Ever thought your GPS system said you’d gone further than you expected? A new study dives into the statistics behind the satellite-based positioning service—and finds that overestimates in distance are inevitable based on the way measurements are currently made.
The solar system, let alone the Universe, is too big to measure by any conventional means. So how the hell did early astronomers manage to do it without all the fancy kit scientists now have at their disposal?
You may have noticed some news around these weird sounding devices that measure “arousal”. They don’t. But they do measure changes in penile shape, and as such, can give users a rough estimate – in a non-invasive way – of how much blood is flowing into the penis during erection.
Measuring magnetic fields with accuracy is important, whether it’s for geological exploration or medical imaging. Now, a team from MIT has developed a new laser-based magnetic field detector that’s 1,000 times more efficient than previous examples.
We have all kinds of odd measurements. Some are official, and some are colloquial. Some colloquial measurements are pure gold — and a "pisan zapra," is one.
Money comes in every size, shape, and color imaginable. But your credit cards — though they may be remarkably different in how they work — are probably remarkably consistent in terms of size. Why is that?
You might be forgiven for thinking that what you're seeing here is a very well-constructed toy. But it's also a fully operational watt balance, the tool that's used to set the standard measurement of a kilogram.
The imperial system is a funny thing. Like, really funny. So funny that there is actually a unit of measurement for wine (or whiskey) casks called a “butt.” That means if you fill the barrel up, you technically have a buttload of wine—though you’d probably just call it a full butt. Are you laughing yet?
Ever try measuring the straight-line distance between two points on Google Maps? You had to hold some object or appendage up to the little scale, then eyeball-measure the distance on your screen. What a mess. No more—a new update puts the task a right-click away. Also, you can doodle with it.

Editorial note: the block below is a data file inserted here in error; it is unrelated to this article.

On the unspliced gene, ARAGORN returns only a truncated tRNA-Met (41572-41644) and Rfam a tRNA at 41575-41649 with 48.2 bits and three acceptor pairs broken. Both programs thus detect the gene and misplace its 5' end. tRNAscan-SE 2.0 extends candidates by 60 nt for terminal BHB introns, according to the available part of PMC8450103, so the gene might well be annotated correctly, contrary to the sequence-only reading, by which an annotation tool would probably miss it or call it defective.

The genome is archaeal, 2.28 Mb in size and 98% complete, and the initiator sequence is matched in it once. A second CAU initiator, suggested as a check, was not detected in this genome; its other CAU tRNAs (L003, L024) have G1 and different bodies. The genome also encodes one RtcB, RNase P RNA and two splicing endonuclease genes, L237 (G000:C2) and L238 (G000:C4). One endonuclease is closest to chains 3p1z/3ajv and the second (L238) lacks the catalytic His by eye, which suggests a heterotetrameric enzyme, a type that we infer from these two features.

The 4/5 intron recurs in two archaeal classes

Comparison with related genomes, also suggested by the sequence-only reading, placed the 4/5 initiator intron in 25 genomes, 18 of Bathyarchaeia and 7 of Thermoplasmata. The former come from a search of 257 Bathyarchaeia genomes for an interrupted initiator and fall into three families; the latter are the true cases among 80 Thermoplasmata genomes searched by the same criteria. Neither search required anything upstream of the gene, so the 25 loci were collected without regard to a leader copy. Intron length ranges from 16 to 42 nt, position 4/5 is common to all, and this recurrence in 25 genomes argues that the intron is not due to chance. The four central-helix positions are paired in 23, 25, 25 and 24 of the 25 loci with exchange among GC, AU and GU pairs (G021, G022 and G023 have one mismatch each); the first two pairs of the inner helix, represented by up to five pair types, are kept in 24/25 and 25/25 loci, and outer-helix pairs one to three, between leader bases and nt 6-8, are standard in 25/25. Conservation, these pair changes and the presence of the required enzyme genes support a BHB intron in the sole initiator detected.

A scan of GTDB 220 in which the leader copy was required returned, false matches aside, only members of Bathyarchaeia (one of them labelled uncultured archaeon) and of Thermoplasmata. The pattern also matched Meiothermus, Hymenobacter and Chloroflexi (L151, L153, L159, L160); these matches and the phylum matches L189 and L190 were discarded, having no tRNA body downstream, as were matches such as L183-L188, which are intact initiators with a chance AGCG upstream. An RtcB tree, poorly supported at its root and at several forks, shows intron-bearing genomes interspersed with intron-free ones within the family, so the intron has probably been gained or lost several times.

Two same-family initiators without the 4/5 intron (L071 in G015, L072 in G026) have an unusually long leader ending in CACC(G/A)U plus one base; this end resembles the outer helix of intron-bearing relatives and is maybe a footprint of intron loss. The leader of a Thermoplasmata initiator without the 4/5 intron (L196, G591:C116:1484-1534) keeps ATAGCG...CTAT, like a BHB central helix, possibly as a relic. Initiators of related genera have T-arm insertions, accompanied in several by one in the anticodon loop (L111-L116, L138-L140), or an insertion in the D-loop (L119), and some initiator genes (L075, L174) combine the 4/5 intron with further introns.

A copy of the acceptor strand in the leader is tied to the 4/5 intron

North America's highest peak, Mount McKinley, has shrunk by 83 feet according to new data acquired by US geographers.
The US has a love affair with imperial units: height in inches, milk in quarts, weight in pounds. You name it, and it's measured in imperial. The only problem? Imperial is dumb. So let's cast of those shackles and join the rest of the world by embracing units that make sense. Let's go metric, once and for all.
America is a nation of fat-heads. But hey, don't shoot the messenger; we're just passing on the news from a recent study, which suggests that the heads of white Americans are growing in volume, year-on-year.
For thousands of years, we've divided days into 24 hours, hours into 60 minutes, and minutes into 60 seconds. But why do we have to do that? Here's the story of the one gloriously failed attempt to decimalize time.
Not everything can be measured in meters, seconds, or the size of a breadbox. Sometimes, to quantify something, extreme and silly steps have to be taken. Find out how big Siberia is, and how long a beard grows in a second.
There's few things worse than a glass of flat Coke. OH WAIT, a glass of Pepsi is far worse. But anyway! An incredibly bored person wanted to find out exactly when Coke went flat so he timed it.
Food writer and culinary expert Michael Ruhlman didn't want us to get through a week of celebrating kitchen gadgetry without singing praise of the digital scale. Damn the cups and tablespoons, cooking by weight is the only path to awesomeness.